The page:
Sound Off: When Celebrities Offer Us Health Advice


IN HER LATEST ATTEMPT to Goop-ify the world and turn everyone into juice-drinking, organic-munching, farm-to-table-buying carbon copies of herself, Gwyneth Paltrow has been encouraging the readers of her website to blow steam up their vaginas. She recently reviewed a service offered at Santa Monica-based Tikkun Spa called the “Mugworth V-Steam.” In Gwyneth’s owns words, the service involves sitting “on what is essentially a mini-throne, and a combination of infrared and mugwort steam cleanses your uterus, et al. It is an energetic release — not just a steam douche — that balances female hormone levels.”

Paltrow’s had a well-documented reputation for offering tone-deaf and off-kilter advice, from compiling lists of insanely-priced must-haves for “mindful” (read: good) parents to recommendations that you tell your water how much you love it before you drink it to up its nutritional value, but this seems like the first time in a while that her advice is not just strange but flat-out dangerous. Because, contrary to common sense and all logic, Stanley Steemer-ing your vagina is not, in fact, a healthy or safe thing to do. Besides being potentially painful, subjecting your vagina to heat like that can kill the natural bacteria that live there and play an actual role in balancing female hormone levels. And as Jen Gunter, an obstetrician and person with real medical knowledge of reproductive health, claims, steam can’t get into the body (and hence the uterus) through the vagina unless you use a hose or something like that (a big HELL NO, incidentally), so this “uterus-cleansing” that she’s after just isn’t going to happen.

She’s not the first celebrity with a built-in pulpit from which to spew unwarranted, implausible, unproven-by-science claims about health. Jenny McCarthy is notoriously vocal about her belief that the measles vaccine is linked to the development of autism in children (a claim that has been scientifically refuted), and don’t get us started on the snake oil Dr. Oz of The Dr. Oz Show fame regularly promotes to his viewers. These celebrities have reach and power; you’d better believe that there are people who are eager to try whatever “remedy” they’re being told to try simply because they’re too star-struck to do otherwise. They are entitled to their opinions, of course, but we as consumers and people with brains of our own need to realize that not everything that comes out of their mouths should be taken as true (DUH). You want to make sure your vagina is healthy? Go talk to the OB/GYN who’s actually studied them, not someone who’s had so much steam/smoke/juniper-scented, triple-filtered, naturally-sourced oxygen blown up hers that she thinks it’s acceptable to promote a treatment like this one, one we wouldn’t be surprised to find out paid big bucks to be endorsed on her website.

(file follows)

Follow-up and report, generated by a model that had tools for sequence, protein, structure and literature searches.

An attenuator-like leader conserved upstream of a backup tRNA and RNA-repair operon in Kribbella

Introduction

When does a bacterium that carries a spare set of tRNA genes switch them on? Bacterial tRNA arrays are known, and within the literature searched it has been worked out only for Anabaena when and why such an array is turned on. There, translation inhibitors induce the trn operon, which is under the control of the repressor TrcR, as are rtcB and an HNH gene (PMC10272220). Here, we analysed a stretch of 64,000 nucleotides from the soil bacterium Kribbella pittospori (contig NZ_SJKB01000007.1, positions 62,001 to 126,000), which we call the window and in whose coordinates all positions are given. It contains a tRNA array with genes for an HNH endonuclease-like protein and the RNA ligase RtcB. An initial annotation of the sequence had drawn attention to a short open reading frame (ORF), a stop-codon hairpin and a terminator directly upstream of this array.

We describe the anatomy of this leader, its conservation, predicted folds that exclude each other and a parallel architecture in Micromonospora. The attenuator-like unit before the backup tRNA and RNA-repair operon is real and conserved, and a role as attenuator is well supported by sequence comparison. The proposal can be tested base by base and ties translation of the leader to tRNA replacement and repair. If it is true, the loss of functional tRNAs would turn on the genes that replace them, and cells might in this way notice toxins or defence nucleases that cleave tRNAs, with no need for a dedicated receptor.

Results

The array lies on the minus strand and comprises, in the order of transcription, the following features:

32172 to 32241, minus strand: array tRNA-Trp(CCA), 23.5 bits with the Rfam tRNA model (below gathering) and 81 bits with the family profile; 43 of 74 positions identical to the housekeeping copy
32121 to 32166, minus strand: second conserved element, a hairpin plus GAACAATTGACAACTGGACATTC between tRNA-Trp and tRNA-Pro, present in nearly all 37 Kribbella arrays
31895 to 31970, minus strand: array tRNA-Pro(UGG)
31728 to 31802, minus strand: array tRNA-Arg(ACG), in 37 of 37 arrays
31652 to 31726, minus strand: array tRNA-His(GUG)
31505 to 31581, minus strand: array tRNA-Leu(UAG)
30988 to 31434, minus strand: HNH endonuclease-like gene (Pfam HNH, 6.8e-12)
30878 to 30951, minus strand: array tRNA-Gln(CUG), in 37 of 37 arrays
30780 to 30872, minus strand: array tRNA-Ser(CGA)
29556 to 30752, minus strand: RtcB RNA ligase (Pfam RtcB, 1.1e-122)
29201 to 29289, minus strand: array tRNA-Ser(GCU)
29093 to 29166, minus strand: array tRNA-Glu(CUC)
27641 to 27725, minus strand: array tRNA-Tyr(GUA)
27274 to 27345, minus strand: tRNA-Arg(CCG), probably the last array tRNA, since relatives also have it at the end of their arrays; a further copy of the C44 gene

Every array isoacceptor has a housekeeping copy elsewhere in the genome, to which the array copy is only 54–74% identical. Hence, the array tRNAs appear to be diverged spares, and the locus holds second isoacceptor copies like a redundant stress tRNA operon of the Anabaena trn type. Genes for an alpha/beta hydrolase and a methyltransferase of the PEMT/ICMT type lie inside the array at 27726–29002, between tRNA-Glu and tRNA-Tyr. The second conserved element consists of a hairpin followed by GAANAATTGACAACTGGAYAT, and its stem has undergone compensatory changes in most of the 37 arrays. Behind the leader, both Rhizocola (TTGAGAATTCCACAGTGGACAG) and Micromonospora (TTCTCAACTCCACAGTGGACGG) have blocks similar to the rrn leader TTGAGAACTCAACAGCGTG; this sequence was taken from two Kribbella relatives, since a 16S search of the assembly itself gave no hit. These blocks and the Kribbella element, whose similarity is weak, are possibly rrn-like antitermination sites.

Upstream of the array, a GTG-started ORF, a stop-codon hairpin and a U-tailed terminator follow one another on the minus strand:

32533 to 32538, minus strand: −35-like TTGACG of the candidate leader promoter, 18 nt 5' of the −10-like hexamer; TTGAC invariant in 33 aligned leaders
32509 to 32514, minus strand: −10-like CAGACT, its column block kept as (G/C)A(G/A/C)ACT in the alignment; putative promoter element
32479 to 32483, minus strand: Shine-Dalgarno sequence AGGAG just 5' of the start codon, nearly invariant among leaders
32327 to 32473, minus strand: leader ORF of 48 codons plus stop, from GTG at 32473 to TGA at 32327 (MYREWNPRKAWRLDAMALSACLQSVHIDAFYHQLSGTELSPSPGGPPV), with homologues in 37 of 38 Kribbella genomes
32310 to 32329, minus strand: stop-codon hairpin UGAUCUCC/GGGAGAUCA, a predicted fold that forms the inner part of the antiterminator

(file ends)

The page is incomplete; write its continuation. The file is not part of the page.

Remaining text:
So, excuse us as we consciously uncouple from all the celebrity endorsements, the faulty health tips, and the idiotic, but culturally-ingrained, notion that celebrities are inherently trustworthy people. And to all the actors and celebrities out there who think that just because you’ve played a doctor in a movie or on TV once, you get to dole out actual health or medical advice to your fans and followers: please, just do us all a favor and stay in your damn lane.

h/t Refinery 29

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